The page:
Today, Judge Mazzant of the Eastern District of Texas Sherman Division heard arguments on an Emergency Motion for Preliminary Injunction regarding changes to the federal salaried exemption threshold, which, absent an injunction, become effective on December 1, 2016.

During the hearing, which lasted over three hours, Judge Mazzant asked several questions that provide insight into the issues he views as important to his ruling. For example, he questioned whether the court had authority to issue a nationwide injunction. He also asked how to reconcile Auer v. Robbins, 519 U.S. 452 (1997), a case that gives broad authority to the Secretary of Labor to “‘define and delimit’ the scope of the exemption for executive, administrative, and professional employees.” Judge Mazzant questioned the Department of Labor on its authority to define the limit. Judge Mazzant also noted that his ruling will not be based on political rhetoric or speculation about the change in administration, but will instead be guided by the law. Although Judge Mazzant took the matter under advisement with a stated hope to rule by November 22, 2016, we will continue to monitor the status. Read minutes from the hearing here.

Regardless of the federal wage and hour battle, there is significant wage and hour activity on the state level that reflects a trend toward increasing minimum wage. While the media coverage of election night focused on the outcome of national votes, four states voted to increase minimum wage, something that will have an immediate impact.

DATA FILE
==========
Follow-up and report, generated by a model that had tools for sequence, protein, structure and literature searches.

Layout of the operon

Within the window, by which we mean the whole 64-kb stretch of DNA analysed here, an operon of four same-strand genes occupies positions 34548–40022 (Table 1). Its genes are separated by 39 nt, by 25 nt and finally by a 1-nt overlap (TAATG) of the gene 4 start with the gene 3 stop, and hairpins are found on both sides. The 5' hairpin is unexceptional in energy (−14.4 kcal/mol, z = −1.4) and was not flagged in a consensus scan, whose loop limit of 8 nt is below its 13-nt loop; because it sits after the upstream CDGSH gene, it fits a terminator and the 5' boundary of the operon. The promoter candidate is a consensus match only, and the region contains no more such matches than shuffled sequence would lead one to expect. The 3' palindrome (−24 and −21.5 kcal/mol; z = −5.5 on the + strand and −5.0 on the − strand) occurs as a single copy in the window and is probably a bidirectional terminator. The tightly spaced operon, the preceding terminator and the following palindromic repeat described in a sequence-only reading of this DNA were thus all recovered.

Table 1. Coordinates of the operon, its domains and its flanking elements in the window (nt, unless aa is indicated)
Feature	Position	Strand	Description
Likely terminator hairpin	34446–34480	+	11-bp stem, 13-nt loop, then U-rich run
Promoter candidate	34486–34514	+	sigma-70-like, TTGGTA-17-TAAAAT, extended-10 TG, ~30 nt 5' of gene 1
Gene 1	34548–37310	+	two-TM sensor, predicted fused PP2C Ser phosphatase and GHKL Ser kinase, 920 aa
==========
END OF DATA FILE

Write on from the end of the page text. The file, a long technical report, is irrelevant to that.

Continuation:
Wages per hour on or after January 1, 2017 Wages per hour on or after January 1, 2018 Wages per hour on or after January 1, 2019 Wages per hour
on or after
January 1, 2020
Arizona $10.00

 

($7.00 for tipped employees)

$10.50

 

($7.50 for tipped employees)

$11.00

 

($7.00 for tipped employees)

$12.00
($9.00 for tipped employees)
Colorado $9.30

 

 

$10.20 per hour $11.10 per hour $12.00
Maine $9.00

 

($5.00 for tipped employees)

$10.00
($6.00 for tipped employees)
$11.00

 

($7.00 for tipped employees)

$12.00
($8.00 for tipped employees)
Washington $11.00 $11.50 $12.00 per hour $13.50

 

*Jan. 1, 2021 – $13.86

*Jan. 1, 2022 – $14.23

This state level activity follows numerous municipalities approving increases to minimum wage. For example, Los Angeles, San Francisco, Seattle, Richmond, and Portland (Maine) are among many cities that have adopted minimum wages above their state minimum wage.

  July 1,
2017
July 1,
2018
July 1,
2019
July 1,
2020
 
Los Angeles

 

 

$12.00 $13.25

 

 

$14.25

 

 

$15.00

 

 

 
San Francisco

 

 

$14.00

 

 

$15.00 Adjusted per Consumer Price Index Adjusted per Consumer Price Index  
  January 1, 2017 January 1, 2018 January 1, 2019 January 1, 2020 January 1, 2021
Seattle $11.00 $11.50 $12.00 $13.50 $15.00
Richmond $12.30 $13.00 Adjusted per Consumer Price Index Adjusted per Consumer Price Index  
Portland (Maine) $10.68 Adjusted per Consumer Price Index Adjusted per Consumer Price Index Adjusted per Consumer Price Index  

Unless the court issues the injunction, employers should have plans in place for compliance with state and federal law.